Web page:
I have been off Facebook and Twitter for thirty-seven hours and I am doing okay. In the first few hours I noticed my tendency to grab my phone to open the apps. But once I realized I could not look at them, the interest began to fade.By evening’s end, I didn’t even look at the phone or open my laptop to the sites. Imagine that? I survived.

Two thoughts have sprung to mind in the early hours of this social media fast. First, I realized my phone really could just be a phone—the talking, texting kind. For any of you bothering to read this post, I have teenagers and they don’t communicate by talking on the phone.This morning when the thought hit me I remember chuckling. Of course, it is a phone but that was the point Apple wanted to make. We carry phones with us every where why not the data that connects us to all that information too. It is trap I use to warn my students about when they told me smartphones were a necessity. Ten years later, I believed it too.

The second thought was a little more a reflection on Lent itself. The act of sacrifice the season calls for came from the forty-day period when converts in the early church prepared for baptism. Death, especially one sanctioned by the State, was a possibility. My sacrifice of giving up something I do not need appears misplaced in that light. Two days ago, I joked about people I knew who gave up chocolate for Lent. In the end, maybe my choice is no different. Except on my daily walk, it occurred to me that I am not sacrificing social media as much as I am reclaiming the part of my life that the consumer in me believed I needed. In some ways, I am reminded every time I think about checking one of the apps I can talk to my family, got for a walk or run, think about my teaching, grade my students assignments, and write.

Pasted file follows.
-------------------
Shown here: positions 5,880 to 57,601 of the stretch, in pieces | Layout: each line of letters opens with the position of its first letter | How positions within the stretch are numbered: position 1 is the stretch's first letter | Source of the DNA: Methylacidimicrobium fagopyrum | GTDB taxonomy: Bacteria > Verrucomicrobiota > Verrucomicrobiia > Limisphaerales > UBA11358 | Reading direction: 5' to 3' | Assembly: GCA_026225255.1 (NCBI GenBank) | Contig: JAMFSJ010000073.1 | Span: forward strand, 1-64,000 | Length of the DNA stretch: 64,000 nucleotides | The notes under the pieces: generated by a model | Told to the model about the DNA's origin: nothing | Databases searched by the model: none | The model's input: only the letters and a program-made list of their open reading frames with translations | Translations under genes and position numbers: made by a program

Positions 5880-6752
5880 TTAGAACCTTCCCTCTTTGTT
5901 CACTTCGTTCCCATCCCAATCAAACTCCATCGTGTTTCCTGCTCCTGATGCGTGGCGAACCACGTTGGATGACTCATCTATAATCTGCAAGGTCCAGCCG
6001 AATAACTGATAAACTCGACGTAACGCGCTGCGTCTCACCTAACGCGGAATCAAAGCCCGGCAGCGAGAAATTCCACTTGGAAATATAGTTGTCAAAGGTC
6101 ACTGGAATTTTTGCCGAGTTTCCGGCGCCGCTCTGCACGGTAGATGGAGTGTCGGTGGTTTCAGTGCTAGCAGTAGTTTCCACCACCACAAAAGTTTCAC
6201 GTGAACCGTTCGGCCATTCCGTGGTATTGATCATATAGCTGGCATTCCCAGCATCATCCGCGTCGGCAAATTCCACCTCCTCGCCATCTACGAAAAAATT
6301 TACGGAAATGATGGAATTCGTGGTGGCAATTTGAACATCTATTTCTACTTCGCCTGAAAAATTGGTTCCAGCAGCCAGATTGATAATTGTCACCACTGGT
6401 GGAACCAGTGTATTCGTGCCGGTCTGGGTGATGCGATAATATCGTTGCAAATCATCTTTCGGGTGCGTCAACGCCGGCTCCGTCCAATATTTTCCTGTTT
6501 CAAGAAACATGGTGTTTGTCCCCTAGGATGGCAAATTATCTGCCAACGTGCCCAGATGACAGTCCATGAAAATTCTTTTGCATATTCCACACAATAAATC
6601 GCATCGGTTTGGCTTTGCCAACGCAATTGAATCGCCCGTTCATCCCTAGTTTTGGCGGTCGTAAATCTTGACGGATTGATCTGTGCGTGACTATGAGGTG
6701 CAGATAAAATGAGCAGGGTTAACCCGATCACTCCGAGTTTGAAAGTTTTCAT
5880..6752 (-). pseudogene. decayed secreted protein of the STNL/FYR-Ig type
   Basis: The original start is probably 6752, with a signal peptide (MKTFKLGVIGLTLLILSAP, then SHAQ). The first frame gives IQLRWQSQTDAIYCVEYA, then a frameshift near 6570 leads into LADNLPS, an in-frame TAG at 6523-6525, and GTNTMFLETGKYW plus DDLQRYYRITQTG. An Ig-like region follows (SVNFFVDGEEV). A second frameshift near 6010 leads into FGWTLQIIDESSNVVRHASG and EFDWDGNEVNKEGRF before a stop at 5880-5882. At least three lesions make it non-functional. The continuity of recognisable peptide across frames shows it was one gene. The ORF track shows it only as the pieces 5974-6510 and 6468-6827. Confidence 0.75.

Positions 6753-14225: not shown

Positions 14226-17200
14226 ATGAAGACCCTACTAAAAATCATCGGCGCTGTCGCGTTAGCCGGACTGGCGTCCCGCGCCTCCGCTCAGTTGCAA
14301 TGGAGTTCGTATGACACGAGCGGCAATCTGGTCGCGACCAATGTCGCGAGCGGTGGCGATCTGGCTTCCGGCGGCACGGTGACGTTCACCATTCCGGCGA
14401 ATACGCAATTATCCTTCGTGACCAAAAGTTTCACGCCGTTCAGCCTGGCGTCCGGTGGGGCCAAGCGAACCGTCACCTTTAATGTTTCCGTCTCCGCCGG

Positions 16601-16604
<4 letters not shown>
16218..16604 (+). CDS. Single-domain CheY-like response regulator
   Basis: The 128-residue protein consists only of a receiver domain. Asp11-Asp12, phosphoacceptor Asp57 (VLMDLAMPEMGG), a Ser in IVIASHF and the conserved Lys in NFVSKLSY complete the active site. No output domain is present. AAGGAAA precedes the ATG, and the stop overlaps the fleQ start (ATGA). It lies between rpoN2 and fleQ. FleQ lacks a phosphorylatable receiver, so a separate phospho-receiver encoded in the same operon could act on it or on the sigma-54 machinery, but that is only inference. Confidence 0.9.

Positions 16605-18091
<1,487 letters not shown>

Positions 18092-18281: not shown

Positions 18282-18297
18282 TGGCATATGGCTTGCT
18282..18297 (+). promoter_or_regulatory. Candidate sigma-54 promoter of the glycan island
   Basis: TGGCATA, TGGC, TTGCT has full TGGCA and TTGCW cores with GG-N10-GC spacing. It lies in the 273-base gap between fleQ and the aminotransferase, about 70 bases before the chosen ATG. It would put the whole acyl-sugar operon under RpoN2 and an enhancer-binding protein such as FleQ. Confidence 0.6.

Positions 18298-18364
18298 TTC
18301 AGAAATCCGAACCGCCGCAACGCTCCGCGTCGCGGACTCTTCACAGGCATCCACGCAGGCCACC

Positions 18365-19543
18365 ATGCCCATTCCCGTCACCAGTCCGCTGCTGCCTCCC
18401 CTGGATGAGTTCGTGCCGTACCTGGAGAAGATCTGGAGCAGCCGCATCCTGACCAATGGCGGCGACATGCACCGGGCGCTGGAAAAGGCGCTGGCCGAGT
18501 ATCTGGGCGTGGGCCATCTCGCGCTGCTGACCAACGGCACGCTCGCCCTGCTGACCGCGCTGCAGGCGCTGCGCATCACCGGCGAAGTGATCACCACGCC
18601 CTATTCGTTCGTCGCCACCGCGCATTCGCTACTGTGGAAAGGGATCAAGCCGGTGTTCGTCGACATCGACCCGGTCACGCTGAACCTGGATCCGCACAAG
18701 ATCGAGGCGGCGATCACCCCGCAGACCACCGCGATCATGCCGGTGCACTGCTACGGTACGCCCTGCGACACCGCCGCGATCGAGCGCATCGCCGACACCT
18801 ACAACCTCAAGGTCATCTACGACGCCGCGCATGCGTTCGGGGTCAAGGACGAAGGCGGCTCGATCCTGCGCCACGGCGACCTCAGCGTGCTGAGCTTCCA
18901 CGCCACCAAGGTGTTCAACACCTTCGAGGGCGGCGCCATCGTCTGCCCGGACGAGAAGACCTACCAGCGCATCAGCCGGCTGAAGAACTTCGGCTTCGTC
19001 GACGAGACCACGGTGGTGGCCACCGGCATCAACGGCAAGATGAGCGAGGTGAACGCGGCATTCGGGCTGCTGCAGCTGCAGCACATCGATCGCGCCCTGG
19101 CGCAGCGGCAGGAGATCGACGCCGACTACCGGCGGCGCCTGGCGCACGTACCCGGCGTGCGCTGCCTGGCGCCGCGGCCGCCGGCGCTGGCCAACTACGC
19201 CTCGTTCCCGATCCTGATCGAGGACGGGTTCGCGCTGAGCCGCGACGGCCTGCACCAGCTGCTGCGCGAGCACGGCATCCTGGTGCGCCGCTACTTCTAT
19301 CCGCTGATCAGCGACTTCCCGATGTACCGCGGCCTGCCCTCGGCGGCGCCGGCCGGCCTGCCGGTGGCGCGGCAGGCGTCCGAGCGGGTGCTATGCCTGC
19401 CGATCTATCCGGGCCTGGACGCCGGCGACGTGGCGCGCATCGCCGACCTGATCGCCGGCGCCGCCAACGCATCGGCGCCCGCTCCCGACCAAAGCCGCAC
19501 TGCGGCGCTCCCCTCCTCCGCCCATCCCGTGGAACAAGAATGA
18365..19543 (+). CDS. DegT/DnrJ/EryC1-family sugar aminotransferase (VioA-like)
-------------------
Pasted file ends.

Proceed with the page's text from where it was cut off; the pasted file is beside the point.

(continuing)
It is not an official discipline of the church but I am working on the discipline of presence. By focusing energy in places that help me to be productive and contemplative, I have a stronger sense of God’s presence in the created order. I’m sure I will eventually go back to checking the apps but my hope is that I will learn to resist the life-draining need to scroll through everything. Thirty-seven hours in and I’m feeling pretty good about that possibility.